THE SACRAMENT OF BAPTISM
CCC 1213 Holy Baptism is the basis of the whole Christian life, the gateway to life in the Spirit (vitae spiritualis ianua), and the door which gives access to the other sacraments. Through Baptism we are freed from sin and reborn as sons of God; we become members of Christ, are incorporated into the Church and made sharers in her mission: "Baptism is the sacrament of regeneration through water in the word."
1214 This sacrament is called Baptism, after the central rite by which it is carried out: to baptize (Greek baptizein) means to "plunge" or "immerse"; the "plunge" into the water symbolizes the catechumen's burial into Christ's death, from which he rises up by resurrection with him, as "a new creature."
1215 This sacrament is also called "the washing of regeneration and renewal by the Holy Spirit," for it signifies and actually brings about the birth of water and the Spirit without which no one "can enter the kingdom of God."
1216 "This bath is called enlightenment, because those who receive this [catechetical] instruction are enlightened in their understanding
. . . ." Having received in Baptism the Word, "the true light that enlightens every man," the person baptized has been "enlightened," he becomes a "son of light," indeed, he becomes "light" himself:
THE BAPTISM OF INFANTS
The usual church for Baptism is the parish church of the family whose baby is to be baptised.
Contact should be made with the Parish Priest to arrange for the baptismal preparation and a suitable date for the baptism.
Most parishes offer baptismal preparation and the opportunity to meet parishioners and other families with children for baptism. This enables those seeking baptism to feel part of the parish community and heightens the significance of the baptism being celebrated in the local parish community.
Where for some good reason, the family is seeking to celebrate the baptism outside their parish church, the permission of their parish priest needs to be obtained and given to the celebrant of the baptism.
Godparents share in the responsibility with the parents, of introducing to, instructing in, supporting and forming the Catholic faith in their godchildren. For this reason, parents need to take great care in choosing godparents and take into account in their choice the commitment to and practice of the Catholic faith and preparedness of the godparents to be involved in the faith development of the child for whom they are accepting this responsibility. Because of the importance of the godparents’ role as a model and mentor of the Catholic faith they must be Catholics. Provision is made for further support by non-Catholics through the role of Witnesses of Faith who stand with the godparents.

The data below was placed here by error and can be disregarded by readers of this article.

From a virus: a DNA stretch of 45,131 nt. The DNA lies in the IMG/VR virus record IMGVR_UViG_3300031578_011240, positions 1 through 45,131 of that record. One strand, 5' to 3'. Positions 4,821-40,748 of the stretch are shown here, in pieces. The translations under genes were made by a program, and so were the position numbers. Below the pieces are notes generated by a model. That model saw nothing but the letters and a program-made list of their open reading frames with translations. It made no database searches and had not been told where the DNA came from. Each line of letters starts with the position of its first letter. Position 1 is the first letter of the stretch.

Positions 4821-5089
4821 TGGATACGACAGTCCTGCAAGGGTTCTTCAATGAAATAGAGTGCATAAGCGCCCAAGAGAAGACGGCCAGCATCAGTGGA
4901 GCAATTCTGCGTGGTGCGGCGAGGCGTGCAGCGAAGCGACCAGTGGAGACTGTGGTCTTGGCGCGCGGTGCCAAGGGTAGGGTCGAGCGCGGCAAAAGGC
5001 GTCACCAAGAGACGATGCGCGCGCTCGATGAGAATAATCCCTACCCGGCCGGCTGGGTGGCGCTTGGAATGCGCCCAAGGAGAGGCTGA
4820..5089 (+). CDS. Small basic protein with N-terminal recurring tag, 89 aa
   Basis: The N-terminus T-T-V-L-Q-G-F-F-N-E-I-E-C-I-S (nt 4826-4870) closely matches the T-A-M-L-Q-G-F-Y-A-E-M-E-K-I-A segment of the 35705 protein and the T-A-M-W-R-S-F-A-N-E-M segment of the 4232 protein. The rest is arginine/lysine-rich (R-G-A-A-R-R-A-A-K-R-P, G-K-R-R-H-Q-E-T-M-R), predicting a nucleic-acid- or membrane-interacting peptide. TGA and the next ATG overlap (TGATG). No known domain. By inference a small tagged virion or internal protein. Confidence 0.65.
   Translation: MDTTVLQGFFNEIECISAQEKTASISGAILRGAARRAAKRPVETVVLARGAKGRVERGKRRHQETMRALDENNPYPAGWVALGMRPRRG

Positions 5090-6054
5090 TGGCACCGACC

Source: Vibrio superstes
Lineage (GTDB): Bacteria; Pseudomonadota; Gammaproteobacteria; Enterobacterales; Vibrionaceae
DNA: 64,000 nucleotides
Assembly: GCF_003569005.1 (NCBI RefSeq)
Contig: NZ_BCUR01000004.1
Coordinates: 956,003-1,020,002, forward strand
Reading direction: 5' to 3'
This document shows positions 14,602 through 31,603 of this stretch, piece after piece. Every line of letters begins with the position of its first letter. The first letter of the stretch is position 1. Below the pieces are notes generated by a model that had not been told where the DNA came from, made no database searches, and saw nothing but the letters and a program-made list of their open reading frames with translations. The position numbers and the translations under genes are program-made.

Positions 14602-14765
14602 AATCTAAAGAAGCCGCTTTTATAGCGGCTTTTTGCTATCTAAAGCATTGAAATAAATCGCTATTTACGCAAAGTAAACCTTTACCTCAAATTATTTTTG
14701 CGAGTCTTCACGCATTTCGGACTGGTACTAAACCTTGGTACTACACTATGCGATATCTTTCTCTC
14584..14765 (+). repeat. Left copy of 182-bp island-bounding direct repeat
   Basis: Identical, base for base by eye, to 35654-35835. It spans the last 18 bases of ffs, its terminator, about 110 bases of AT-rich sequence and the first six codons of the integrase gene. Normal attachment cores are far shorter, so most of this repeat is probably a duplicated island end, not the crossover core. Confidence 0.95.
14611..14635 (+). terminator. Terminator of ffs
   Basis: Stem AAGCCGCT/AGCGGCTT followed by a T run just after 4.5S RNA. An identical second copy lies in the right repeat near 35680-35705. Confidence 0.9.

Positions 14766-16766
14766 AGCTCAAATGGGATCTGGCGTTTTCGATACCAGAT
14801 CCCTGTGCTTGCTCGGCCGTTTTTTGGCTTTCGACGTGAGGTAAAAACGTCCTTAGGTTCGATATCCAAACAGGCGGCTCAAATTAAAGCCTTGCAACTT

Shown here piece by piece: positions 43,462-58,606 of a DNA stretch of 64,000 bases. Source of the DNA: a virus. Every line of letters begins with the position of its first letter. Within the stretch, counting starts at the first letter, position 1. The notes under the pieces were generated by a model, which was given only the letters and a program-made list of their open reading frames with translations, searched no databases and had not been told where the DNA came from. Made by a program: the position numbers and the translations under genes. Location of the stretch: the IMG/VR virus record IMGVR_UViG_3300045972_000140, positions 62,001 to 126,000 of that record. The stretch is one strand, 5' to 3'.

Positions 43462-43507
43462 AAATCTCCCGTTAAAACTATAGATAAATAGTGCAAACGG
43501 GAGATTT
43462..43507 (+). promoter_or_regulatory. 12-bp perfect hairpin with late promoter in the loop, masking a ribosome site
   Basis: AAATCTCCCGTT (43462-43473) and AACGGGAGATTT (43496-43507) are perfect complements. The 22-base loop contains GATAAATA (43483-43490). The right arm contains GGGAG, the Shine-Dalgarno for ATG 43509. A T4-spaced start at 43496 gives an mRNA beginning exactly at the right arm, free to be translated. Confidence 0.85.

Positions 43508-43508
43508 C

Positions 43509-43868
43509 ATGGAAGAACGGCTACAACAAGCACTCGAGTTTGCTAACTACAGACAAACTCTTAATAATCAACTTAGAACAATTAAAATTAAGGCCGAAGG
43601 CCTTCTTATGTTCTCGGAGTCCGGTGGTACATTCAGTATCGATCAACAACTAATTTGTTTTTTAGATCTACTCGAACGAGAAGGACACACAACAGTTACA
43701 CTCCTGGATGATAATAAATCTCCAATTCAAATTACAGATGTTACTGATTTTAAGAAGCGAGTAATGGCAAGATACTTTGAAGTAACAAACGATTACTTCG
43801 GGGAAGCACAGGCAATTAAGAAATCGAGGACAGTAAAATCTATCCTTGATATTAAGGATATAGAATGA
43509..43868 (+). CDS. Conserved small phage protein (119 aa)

The Baptism of Adults.
SACRAMENT OF CONFIRMATION
CCC 1285 Baptism, the Eucharist and the sacrament of Confirmation together constitute the "sacraments of Christian initiation," whose unity must be safeguarded. It must be explained to the faithful that the reception of the sacrament of Confirmation is necessary for the completion of baptismal grace. For "by the sacrament of Confirmation, [the baptised] are more perfectly bound to the Church and are enriched with a special strength of the Holy Spirit. Hence they are, as true witnesses of Christ, more strictly obliged to spread and defend the faith by word and deed."
1286 In the Old Testament the prophets announced that the Spirit of the Lord would rest on the hoped-for Messiah for his saving mission. The descent of the Holy Spirit on Jesus at his baptism by John was the sign that this was he who was to come, the Messiah, the Son of God.<91> He was conceived of the Holy Spirit; his whole life and his whole mission are carried out in total communion with the Holy Spirit whom the Father gives him "without measure."
1287 This fullness of the Spirit was not to remain uniquely the Messiah's, but was to be communicated to the whole messianic people . On several occasions Christ promised this outpouring of the Spirit, a promise which he fulfilled first on Easter Sunday and then more strikingly at Pentecost. Filled with the Holy Spirit the apostles began to proclaim "the mighty works of God," and Peter declared this outpouring of the Spirit to be the sign of the messianic age. Those who believed in the apostolic preaching and were baptised received the gift of the Holy Spirit in their turn.
1288 "From that time on the apostles, in fulfilment of Christ's will, imparted to the newly baptised by the laying on of hands the gift of the Spirit that completes the grace of Baptism. For this reason in the Letter to the Hebrews the doctrine concerning Baptism and the laying on of hands is listed among the first elements of Christian instruction. The imposition of hands is rightly recognised by the Catholic tradition as the origin of the sacrament of Confirmation, which in a certain way perpetuates the grace of Pentecost in the Church."